Jupiter Whacked Again? Japanese Astronomers Record Possible Impact

Jupiter impact flash Oct. 15, 2021
Japanese astronomer Ko Arimatsu captured a doable influence flash in Jupiter’s North Tropical Zone (NTrZ) at 13:24 UT on October fifteenth.
Ko Arimatsu / Kyoto University

Get your scorecards out — Jupiter simply took one other interplanetary hit. If it is confirmed it will be the eleventh noticed comet or asteroid strike on the gas big because the items of Comet Shoemaker-Levy 9 slammed into Jupiter in 1994.

Just a little greater than a month after 5 amateurs independently recorded the same flash, a crew of astronomers, led by Ko Arimatsu of Kyoto University, filmed this most up-to-date flare in Jupiter’s cloud tops at 13:24 UT on Friday, October fifteenth.

The potential influence flash seems across the 12-second mark on this video of Jupiter made on Friday, October fifteenth.
Ko Arimatsu / Kyoto University

Arimatsu and the group used a surveillance system known as PONCOTS as a part of the Organized Autotelescopes for Serendipitous Event Survey (OASES) challenge to make their discovery. Although we have but to nail down the flash’s exact Jovian latitude and longitude, the occasion occurred in Jupiter’s North Tropical Zone close to the southern fringe of the North Temperate Belt. From the video, the burst lasted about 4 seconds. It shortly rises into visibility, maintains a gentle gentle for about 2 seconds after which swiftly disappears.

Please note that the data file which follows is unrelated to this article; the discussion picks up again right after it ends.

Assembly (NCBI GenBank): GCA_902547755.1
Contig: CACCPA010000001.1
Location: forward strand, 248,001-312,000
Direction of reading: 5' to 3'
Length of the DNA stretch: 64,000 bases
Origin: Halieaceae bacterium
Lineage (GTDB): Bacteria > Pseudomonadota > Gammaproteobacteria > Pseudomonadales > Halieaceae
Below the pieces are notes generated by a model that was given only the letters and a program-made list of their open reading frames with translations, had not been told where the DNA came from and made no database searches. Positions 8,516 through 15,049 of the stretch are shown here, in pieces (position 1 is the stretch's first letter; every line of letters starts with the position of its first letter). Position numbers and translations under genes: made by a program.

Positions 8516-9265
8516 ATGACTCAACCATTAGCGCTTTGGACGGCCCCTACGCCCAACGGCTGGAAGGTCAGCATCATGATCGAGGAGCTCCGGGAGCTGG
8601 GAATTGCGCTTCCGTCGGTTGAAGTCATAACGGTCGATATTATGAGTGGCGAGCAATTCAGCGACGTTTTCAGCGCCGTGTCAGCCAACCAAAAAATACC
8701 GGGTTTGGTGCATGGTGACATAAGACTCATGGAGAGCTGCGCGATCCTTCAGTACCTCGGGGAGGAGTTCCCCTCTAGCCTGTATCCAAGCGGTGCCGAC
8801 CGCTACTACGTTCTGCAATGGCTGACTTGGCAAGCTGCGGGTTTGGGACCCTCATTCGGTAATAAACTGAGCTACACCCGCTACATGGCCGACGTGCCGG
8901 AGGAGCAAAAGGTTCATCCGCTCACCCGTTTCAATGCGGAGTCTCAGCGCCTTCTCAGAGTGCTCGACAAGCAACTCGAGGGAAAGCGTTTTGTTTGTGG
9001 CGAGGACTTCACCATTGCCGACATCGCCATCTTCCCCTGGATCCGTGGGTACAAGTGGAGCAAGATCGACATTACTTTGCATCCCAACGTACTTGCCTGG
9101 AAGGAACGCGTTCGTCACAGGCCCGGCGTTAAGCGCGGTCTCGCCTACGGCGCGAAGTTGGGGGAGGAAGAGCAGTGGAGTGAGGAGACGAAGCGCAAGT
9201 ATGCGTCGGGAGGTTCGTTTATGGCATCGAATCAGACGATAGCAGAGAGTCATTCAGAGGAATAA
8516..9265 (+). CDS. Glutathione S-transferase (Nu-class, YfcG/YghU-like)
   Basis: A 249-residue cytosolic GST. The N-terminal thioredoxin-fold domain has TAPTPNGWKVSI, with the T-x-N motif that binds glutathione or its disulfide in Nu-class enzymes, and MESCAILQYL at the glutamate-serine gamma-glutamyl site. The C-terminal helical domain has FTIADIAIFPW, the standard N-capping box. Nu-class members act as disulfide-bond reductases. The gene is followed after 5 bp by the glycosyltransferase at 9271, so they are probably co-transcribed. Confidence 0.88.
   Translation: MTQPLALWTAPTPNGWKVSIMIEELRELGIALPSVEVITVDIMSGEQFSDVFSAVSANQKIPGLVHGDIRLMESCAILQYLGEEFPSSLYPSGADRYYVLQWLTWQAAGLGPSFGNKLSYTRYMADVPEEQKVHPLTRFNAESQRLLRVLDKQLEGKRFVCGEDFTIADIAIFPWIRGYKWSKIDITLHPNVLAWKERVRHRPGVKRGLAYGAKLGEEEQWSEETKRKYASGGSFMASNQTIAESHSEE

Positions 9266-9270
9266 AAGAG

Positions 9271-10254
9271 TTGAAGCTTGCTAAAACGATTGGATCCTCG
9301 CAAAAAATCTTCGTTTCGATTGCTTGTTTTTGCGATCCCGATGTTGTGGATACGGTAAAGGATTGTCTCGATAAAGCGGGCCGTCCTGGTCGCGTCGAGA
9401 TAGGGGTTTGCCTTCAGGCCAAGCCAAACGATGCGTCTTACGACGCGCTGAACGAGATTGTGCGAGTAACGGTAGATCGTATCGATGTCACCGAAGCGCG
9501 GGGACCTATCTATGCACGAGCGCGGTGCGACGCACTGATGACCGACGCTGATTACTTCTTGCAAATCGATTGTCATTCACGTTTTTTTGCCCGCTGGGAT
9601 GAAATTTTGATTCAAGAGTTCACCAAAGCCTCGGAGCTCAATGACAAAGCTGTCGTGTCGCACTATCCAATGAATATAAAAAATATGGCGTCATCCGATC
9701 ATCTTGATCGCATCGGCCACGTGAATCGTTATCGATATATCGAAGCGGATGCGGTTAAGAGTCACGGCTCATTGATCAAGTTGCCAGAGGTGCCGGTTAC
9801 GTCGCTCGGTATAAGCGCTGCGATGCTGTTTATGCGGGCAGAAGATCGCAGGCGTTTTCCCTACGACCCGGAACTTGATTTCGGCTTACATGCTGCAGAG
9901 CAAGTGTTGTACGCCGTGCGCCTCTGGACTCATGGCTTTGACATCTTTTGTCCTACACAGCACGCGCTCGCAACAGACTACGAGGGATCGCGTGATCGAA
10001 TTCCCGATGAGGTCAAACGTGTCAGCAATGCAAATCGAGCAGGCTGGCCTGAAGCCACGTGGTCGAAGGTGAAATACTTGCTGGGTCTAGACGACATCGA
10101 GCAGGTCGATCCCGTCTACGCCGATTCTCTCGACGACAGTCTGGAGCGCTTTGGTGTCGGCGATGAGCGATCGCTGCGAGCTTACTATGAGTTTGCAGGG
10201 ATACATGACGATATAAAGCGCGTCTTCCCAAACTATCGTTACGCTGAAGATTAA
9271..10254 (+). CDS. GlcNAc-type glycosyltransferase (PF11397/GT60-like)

Jupiter's belts and zones
Jupiter shows alternating darkish belts and vibrant zones that assist in figuring out any potential influence scars within the wake of the newest flash. Zones are colder and mark upwelling ammonia ice clouds; belts are hotter areas marked by descending gases.
Sky & Telescope illustration

According to the Europlanet Society, on common 6½ objects 10 meters throughout and bigger (that’s, large enough for amateurs to document) hit Jupiter every year. Aided by transient-alert software program like DeTeCt, we have seen a gentle uptick within the variety of impacts in latest years, proving that the extra we glance, the extra we see. The most recent impact, in September, did not produce a visual influence scar. This one might not both. But each occasions make us keenly conscious of the potential hazards that also lurk in our solar system.

Jupiter impact flash in false color
This is a false-color view of the influence, combining seen and infrared exposures.
Ko Arimatsu / Kyoto University

Amateurs who photographed and took video of the Jupiter across the time of the potential influence are urged to contact both Marc Delcroix or Ricardo Hueso to offer affirmation of the occasion. Let us right here at Sky & Telescope know, too! Just go away a remark, and I’ll be certain that to contact you.


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